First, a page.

Indeed, one City analyst thinks that “the better contractors” are now much better at grooming their successors. He also believes that the new breed will be less entertaining than their forefathers but far more successful at creating profit. “The cigar-toting field marshals of old managed to destroy billions of pounds of shareholder value with their misguided empire building that led to massive write-offs during the mid-1990s.

“Cocktail parties are going to be less fun, but at least the new bosses will have more managerial ability,” says the analyst.

However, the personable, high-profile players pictured on page 19 have all made an impact on the industry precisely because of their massive personalities. And while their successors will need different skills, they will need the same ability to put into place the kind of new ideas that Sir Frank Lampl did with construction management and Paris Moayedi with rail maintenance.

“The next lot of leaders will need to be less macho and more polished financially than the current crop,” says one analyst. “At the moment, their successors are neither.”

JP Morgan’s Betts thinks there is a gaping hole for a new movement in construction: “A lot of the leaders in their 50s are all trying to get out of construction as quickly as possible and are piling into rail and FM. It’s the classic herd instinct this industry has always suffered.

“And it is really escaping from one problem (low margins) into another. In all these areas, facilities management, rail and even partnering, the margins are coming down.

“But the question is, what will be the next major move? Who is going to lead it? And how will they make it sustainable?”

Construction’s current leading lights - Sir Frank Lampl

The undisputed grandfather of the industry, 73-year-old Bovis Lend Lease chairman Sir Frank exudes tremendous warmth, but insiders say he has the ruthless streak of all successful businessmen. Chairman of Bovis since 1985, he has built its reputation by importing US construction management techniques and establishing an international presence. Never prepared to go as far as to call Bovis a contractor, he occasionally refers to it as a “constructor”. Merger talks with WS Atkins foundered in December 1998, but the company was snapped up by Lend Lease in October last year for £315m.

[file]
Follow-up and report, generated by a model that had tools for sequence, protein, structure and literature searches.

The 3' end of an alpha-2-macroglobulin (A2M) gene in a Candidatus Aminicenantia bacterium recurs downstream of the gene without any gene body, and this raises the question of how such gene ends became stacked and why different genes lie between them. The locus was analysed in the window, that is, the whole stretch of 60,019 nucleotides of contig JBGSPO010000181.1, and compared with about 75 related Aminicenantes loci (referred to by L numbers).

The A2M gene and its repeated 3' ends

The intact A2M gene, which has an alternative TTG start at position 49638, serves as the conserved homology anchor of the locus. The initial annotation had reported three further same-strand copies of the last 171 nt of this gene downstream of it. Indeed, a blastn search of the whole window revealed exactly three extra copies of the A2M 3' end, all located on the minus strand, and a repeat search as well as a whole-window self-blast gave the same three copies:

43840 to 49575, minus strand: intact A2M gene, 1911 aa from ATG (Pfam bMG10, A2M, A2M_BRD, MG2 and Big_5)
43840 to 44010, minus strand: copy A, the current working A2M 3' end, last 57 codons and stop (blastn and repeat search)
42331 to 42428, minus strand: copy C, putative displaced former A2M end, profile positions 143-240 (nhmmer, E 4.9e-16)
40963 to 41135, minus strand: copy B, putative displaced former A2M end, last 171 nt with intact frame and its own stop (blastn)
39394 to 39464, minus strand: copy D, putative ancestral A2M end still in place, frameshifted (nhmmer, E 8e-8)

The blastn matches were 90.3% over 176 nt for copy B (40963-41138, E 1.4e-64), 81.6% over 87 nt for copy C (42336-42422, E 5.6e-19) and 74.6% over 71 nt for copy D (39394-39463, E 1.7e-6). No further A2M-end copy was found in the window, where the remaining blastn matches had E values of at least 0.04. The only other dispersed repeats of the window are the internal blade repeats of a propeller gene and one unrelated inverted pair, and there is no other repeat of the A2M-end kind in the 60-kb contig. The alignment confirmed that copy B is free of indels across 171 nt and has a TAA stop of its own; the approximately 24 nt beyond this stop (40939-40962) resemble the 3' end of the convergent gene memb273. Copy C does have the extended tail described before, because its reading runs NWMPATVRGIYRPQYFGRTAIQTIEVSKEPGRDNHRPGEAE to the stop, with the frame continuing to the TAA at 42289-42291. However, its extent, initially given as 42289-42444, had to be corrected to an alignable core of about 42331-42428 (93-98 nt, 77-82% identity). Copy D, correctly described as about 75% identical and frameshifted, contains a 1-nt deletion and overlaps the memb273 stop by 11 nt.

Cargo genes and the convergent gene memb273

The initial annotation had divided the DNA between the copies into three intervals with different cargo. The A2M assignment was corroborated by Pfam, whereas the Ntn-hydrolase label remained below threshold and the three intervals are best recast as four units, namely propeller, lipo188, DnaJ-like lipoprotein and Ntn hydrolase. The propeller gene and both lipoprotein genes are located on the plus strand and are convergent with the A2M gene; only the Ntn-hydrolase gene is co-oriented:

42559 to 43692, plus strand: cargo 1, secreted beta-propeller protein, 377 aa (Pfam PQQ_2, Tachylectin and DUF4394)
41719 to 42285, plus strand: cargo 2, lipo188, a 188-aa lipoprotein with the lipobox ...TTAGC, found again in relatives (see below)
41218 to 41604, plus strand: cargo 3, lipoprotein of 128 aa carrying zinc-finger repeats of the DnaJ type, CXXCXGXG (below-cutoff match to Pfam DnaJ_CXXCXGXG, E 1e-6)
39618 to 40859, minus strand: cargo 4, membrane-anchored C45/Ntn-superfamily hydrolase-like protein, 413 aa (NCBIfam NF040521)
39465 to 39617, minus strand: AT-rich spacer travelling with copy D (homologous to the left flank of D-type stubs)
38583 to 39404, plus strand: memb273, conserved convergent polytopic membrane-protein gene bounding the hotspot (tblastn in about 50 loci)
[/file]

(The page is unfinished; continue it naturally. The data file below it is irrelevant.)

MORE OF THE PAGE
Construction's current leading lights - Sir Neville Simms

Carillion chairman Sir Neville has been construction’s most colourful character for more than a decade. When merger talks with Aggregate Industries broke down in late 1997, the 55-year-old was branded an egomaniac who was unprepared to give up his position in the industry. But analysts say that, since the demerger of Tarmac, he has settled into running the much smaller Carillion. However, eyebrows were raised at his £1.4m one-off pay deal, causing one newspaper to label it “The golden demotion”. Sir Neville has hinted that he will retire in 2001.

Construction’s current leading lights - Sir Martin Laing

The long-standing president of the Construction Confederation has “the detached air of royalty”, says one observer. The Laing family’s aristocratic Scottish roots run deep through the business, which is more than 150 years old. “When he meets lowly tradesmen at events, he does not remember them from Adam, but he still carries it off with charm,” the observer says. A former chairman of the World Wide Fund for Nature, the 58-year-old is the eldest grandson of Sir John Laing.